Ensemble Montréal borough mayors have joined forces to demand better funding from the central city to restore fiscal balance and have the capacity to provide essential services to citizens. A motion to this effect was adopted at the November borough council meetings of Montréal-Nord, Saint-Léonard, Outremont, Saint-Laurent and Pierrefonds-Roxboro.
Given their outdated infrastructures, population growth, and inflation, the 2% indexation of transfers from the central city is unfortunately not sufficient to sustain basic services to residents. As a result, the boroughs must either drastically increase their local taxes or dip into their reserve fund, which is effectively their savings account for emergencies, in order to provide basic services to residents and balance their operating budget.
“Our administration has glorious plans for Montreal-Nord, but the crux of the matter is money. If transfers were proportionally fair, we could offer more services to citizens, implement traffic calming measures more quickly, redevelop our parks and green spaces… This is an essential demand for the development and future of our neighbourhoods,” said Christine Black, Mayor of the borough of Montréal-Nord.
Currently, allocations to boroughs for the Ten-Year Capital Plan (known as the PDI) are based on programs defined by the central city, which respond to the political vision of the administration in place. This approach limits the autonomy of the boroughs in choosing the infrastructure projects they wish to renovate or build. Ensemble Montréal’s mayors are asking that this distribution be based on borough priorities, and that it be established according to objective and specific criteria such as age of equipment and according to indicators of need such as population, housing density and surface area.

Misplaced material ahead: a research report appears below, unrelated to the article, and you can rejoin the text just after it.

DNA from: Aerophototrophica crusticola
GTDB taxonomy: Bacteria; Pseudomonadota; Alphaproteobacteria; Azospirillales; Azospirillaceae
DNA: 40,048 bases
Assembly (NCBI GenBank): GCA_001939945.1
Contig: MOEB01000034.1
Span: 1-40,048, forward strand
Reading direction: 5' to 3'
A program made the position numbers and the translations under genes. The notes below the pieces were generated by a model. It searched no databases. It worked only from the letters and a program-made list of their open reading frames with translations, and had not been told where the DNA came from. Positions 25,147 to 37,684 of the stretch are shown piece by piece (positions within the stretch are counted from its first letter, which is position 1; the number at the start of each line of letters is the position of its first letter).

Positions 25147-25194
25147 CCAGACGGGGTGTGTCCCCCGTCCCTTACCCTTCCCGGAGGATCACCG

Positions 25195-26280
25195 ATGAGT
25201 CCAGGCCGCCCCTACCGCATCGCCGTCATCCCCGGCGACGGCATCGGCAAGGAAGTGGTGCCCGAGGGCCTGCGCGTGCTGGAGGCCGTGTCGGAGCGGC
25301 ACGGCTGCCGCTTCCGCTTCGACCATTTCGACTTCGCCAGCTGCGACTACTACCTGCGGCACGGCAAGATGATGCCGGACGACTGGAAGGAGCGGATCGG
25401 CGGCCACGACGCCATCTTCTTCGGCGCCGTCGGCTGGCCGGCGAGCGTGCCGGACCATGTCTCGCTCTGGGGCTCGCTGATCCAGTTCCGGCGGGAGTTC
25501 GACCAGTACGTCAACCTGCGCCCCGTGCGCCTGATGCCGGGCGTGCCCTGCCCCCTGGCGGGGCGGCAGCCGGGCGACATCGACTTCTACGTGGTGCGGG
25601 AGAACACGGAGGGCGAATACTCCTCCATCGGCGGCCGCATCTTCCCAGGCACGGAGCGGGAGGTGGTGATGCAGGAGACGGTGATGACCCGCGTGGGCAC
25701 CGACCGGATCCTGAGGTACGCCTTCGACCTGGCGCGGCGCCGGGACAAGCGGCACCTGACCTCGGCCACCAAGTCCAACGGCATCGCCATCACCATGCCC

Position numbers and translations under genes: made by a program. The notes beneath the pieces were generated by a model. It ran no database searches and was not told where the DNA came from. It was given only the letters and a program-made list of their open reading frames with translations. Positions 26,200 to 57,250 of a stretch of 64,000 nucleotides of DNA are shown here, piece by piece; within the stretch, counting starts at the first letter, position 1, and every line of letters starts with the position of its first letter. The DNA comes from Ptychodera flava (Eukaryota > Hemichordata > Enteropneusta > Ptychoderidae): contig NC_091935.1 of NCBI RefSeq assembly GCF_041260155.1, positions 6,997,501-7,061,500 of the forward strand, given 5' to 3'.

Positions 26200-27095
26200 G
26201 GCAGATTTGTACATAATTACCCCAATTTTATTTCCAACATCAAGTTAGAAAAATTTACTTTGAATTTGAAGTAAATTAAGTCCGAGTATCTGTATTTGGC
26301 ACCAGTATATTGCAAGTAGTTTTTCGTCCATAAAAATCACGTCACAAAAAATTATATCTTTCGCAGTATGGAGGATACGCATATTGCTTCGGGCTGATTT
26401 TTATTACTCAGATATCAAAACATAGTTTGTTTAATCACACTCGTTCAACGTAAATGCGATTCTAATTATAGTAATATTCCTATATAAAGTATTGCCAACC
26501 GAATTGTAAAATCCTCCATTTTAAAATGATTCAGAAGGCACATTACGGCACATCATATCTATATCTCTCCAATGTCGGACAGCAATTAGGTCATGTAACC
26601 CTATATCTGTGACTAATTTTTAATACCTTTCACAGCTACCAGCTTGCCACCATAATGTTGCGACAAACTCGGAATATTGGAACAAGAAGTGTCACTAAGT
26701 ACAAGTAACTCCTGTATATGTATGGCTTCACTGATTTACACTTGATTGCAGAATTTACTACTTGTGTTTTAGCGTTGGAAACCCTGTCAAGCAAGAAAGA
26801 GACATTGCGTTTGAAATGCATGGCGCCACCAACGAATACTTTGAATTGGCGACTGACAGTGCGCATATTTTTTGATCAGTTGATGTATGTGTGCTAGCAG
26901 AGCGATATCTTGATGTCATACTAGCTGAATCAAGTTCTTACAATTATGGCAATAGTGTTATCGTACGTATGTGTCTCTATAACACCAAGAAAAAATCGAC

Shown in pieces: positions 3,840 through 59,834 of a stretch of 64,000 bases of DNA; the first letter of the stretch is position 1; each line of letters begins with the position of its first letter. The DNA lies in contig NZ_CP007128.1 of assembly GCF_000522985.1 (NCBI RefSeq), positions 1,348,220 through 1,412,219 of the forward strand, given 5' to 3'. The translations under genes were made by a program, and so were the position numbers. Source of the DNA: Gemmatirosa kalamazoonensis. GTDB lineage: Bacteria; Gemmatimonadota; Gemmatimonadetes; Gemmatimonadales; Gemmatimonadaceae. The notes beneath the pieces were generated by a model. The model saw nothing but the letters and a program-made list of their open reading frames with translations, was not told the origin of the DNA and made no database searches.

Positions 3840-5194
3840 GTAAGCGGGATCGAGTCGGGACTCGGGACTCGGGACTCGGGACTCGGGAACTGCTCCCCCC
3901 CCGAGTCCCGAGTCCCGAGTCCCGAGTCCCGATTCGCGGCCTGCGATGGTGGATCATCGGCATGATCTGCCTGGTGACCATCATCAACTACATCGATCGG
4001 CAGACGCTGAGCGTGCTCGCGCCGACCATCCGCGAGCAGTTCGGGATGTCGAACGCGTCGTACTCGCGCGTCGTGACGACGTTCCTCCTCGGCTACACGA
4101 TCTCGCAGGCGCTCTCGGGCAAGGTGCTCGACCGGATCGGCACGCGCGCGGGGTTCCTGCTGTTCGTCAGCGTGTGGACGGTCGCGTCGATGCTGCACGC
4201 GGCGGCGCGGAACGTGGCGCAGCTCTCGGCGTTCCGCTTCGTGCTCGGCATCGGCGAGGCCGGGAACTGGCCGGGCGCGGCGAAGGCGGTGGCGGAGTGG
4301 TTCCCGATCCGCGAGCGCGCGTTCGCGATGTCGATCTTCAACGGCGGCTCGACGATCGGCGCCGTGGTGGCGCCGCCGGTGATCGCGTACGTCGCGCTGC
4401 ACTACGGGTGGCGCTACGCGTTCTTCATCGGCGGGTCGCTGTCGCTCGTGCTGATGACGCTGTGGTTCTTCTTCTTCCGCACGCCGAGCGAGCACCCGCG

“Outremont expects to welcome approximately 3,000 new citizens in the next few years, representing a 10% increase in its population. It’s unrealistic to think we can provide more services with the same amount of money. If transfers from the central city are not adjusted, the quality of services offered to residents will definitely suffer,” said Laurent Desbois, mayor of the borough of Outremont.
In the boroughs of Montréal-Nord, Saint-Léonard, Outremont, Saint-Laurent, and Pierrefonds-Roxboro, indexing the allocation by 2% in 2023 and 1% in 2022 represents a total shortfall of:
- $2.5 million for Montreal North;
- $2.8 million for Saint-Léonard;
- $785,150 for Outremont;
- $6.3 million for Saint-Laurent; and
- $1.5 million for Pierrefonds-Roxboro.